The trough. The oldest, ugliest place to be. The beginning of the end? Or the start of something new? The trough's a super-dangerous place, because it's way too dark to actually to see if we really are at a bottom. Maybe some stocks of some companies escape the trough, while others find themselves buried alive after a fabulous run.
That's exactly where we are right now, in the third day of this rotation out of the highest growth companies, the Cramer Covid-19 Index, and into the big uglies, the industrials, travel, leisure and financial stocks that have been eschewed for ages but are now suddenly embraced. What's the real danger here? Because if you don't adjust, you ignore these violent moves at your own peril.
First, let's define the trough. It's when we go from the end of free-fall into recovery mode. You can't jump the gun. That can be deadly. Many have tried, as we have had a series of three-day rotations into the Caterpillars (CAT) and the Boeings (BA) and then we get failure, and they go right back into the trough.
What's at the end of free-fall? I am talking about things like work at home (think Zoom ZM) and the play at home (think Take-Two Interactive (TTWO) ) and the eat at home (that's McCormick (TTWO) ) and protecting your work from being hacked (which is pretty much everyone including Crowdstrike (CRWD) , Palo Alto (MCK) , Okta (OKTA) , and Sailpoint (SAIL) . Of course there's the big five, too: Facebook (FB) , Amazon (AMZN) , Apple (AAPL) , Netflix (NFLX) , Alphabet (GOOGL) and Microsoft (MSFT) . Because of strange confluences, all do better in a pandemic than they might otherwise. These stocks have monopolized the new high list and in many cases they have valuations only seen during the 1999-2000 Nasdaq.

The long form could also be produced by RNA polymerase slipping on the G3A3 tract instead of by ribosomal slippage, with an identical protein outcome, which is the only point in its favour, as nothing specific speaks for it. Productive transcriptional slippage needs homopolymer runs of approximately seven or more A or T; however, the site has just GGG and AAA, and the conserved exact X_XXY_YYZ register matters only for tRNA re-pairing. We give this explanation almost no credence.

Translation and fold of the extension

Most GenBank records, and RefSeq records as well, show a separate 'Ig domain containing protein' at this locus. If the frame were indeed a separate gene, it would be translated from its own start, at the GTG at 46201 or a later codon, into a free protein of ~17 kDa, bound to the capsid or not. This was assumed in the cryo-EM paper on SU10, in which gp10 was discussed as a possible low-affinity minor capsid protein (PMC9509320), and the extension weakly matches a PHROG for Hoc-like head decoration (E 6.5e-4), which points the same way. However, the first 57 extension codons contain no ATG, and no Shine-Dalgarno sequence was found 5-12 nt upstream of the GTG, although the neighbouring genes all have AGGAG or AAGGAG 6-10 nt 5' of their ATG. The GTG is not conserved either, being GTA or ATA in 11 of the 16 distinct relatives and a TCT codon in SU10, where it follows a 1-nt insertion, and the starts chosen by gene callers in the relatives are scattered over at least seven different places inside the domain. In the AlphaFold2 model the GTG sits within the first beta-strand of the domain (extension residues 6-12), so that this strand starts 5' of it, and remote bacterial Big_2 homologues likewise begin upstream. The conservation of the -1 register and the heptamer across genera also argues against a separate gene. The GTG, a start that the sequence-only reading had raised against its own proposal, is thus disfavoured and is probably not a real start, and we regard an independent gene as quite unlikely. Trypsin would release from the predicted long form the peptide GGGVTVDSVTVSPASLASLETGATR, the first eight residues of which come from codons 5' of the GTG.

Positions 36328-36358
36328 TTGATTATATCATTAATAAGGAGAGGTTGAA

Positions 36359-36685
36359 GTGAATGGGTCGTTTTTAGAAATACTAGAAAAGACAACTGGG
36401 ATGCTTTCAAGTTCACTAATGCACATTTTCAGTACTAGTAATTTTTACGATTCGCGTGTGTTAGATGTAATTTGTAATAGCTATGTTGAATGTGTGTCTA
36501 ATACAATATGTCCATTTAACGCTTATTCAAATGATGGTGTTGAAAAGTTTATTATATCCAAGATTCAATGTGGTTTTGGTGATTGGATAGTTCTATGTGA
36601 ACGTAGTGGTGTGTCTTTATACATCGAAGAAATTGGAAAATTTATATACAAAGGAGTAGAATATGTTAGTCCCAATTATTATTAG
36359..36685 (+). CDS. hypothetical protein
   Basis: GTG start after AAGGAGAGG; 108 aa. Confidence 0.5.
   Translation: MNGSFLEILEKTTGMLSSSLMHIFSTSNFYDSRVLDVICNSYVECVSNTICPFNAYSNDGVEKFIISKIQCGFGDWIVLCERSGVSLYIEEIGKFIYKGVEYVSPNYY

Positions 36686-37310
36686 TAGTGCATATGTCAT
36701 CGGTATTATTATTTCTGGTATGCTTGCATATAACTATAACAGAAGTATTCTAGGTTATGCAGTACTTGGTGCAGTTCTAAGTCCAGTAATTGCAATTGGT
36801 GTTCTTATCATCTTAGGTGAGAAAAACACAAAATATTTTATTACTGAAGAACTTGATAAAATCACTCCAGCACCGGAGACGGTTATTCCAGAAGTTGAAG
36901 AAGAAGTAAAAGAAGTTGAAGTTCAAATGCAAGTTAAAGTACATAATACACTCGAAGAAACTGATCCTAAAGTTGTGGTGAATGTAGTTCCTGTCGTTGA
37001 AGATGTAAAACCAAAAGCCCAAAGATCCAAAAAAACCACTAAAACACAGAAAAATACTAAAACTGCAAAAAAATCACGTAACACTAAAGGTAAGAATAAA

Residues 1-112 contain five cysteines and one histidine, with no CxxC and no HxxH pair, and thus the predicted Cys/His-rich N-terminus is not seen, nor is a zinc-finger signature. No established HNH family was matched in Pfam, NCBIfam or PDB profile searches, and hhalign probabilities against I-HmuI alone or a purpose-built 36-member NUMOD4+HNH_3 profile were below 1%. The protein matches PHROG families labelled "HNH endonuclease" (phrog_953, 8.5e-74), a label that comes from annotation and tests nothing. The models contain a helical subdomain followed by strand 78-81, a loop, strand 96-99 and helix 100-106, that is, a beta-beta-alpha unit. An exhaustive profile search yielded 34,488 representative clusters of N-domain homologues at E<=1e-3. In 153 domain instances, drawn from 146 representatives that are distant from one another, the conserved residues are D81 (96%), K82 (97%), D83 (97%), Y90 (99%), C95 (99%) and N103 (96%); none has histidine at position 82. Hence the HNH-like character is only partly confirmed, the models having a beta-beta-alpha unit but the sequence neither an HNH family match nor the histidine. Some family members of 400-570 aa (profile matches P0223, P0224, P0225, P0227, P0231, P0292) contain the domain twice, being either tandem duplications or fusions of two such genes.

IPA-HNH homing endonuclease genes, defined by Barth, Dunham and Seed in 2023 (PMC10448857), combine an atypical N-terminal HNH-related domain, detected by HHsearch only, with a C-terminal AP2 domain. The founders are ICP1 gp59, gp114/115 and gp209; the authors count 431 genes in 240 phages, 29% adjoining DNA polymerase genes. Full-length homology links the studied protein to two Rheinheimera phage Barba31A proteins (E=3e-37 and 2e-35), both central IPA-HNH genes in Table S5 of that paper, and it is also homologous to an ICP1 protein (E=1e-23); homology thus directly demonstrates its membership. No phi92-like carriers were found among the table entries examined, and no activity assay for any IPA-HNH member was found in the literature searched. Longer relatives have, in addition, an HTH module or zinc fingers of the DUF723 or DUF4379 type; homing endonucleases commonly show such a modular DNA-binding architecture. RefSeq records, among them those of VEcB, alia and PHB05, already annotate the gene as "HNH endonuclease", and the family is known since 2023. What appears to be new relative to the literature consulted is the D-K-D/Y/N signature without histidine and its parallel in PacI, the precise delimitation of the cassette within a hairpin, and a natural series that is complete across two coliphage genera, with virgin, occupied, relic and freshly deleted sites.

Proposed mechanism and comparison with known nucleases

Now, though, there are plenty of signs that we are leaving the trough, at least for the publicly traded companies that have been stuck in there. There's a big leap of faith here because there's 16.4 million people unemployed. But that's down from 24 million in April. Remember, we are talking stocks, not people. But that's way too many people on the rolls. That said, the trend line's clear. There's a tremendous number of people who can't pay their rent. But, increasingly, commercial rents are being paid. Again, we are not trading futures about your ability to pay rent. We are owning the stocks of companies that are now on more solid footing.
You cannot wait until we are full of mirth about these numbers. That said, we all see that the numbers for the two lines of Covid-19, cases and deaths, are getting better. The rate of cases is declining. The mortality rates are plummeting on an absolute level. The Russians are claiming they have a vaccine. We don't trust them. But we know that vaccines beckon. Again, if you are in pro sports, where the money is big, you cannot wait for the vaccine. The rest of us mortals, though, use our meager social distancing and mask weapons against a powerful opponent. It didn't take the dropping of two atomic bombs to know we were going to win the war, but we did know that the 6th Army, Pop's group, would be slaughtered in its landing before the capitulation. You don't want to be part of the proverbial sixth.
So, what makes me so sure that this is the real trough and the cyclicals, industrials, and banks lead us out, not the Covid stocks? Let me give you the 12 tells from the trough, so you know why I think it can be the real deal.
No. 1: gold is plummeting. As long as gold was going higher, you had to keep depression Armageddon on the table. It may have been taken off today.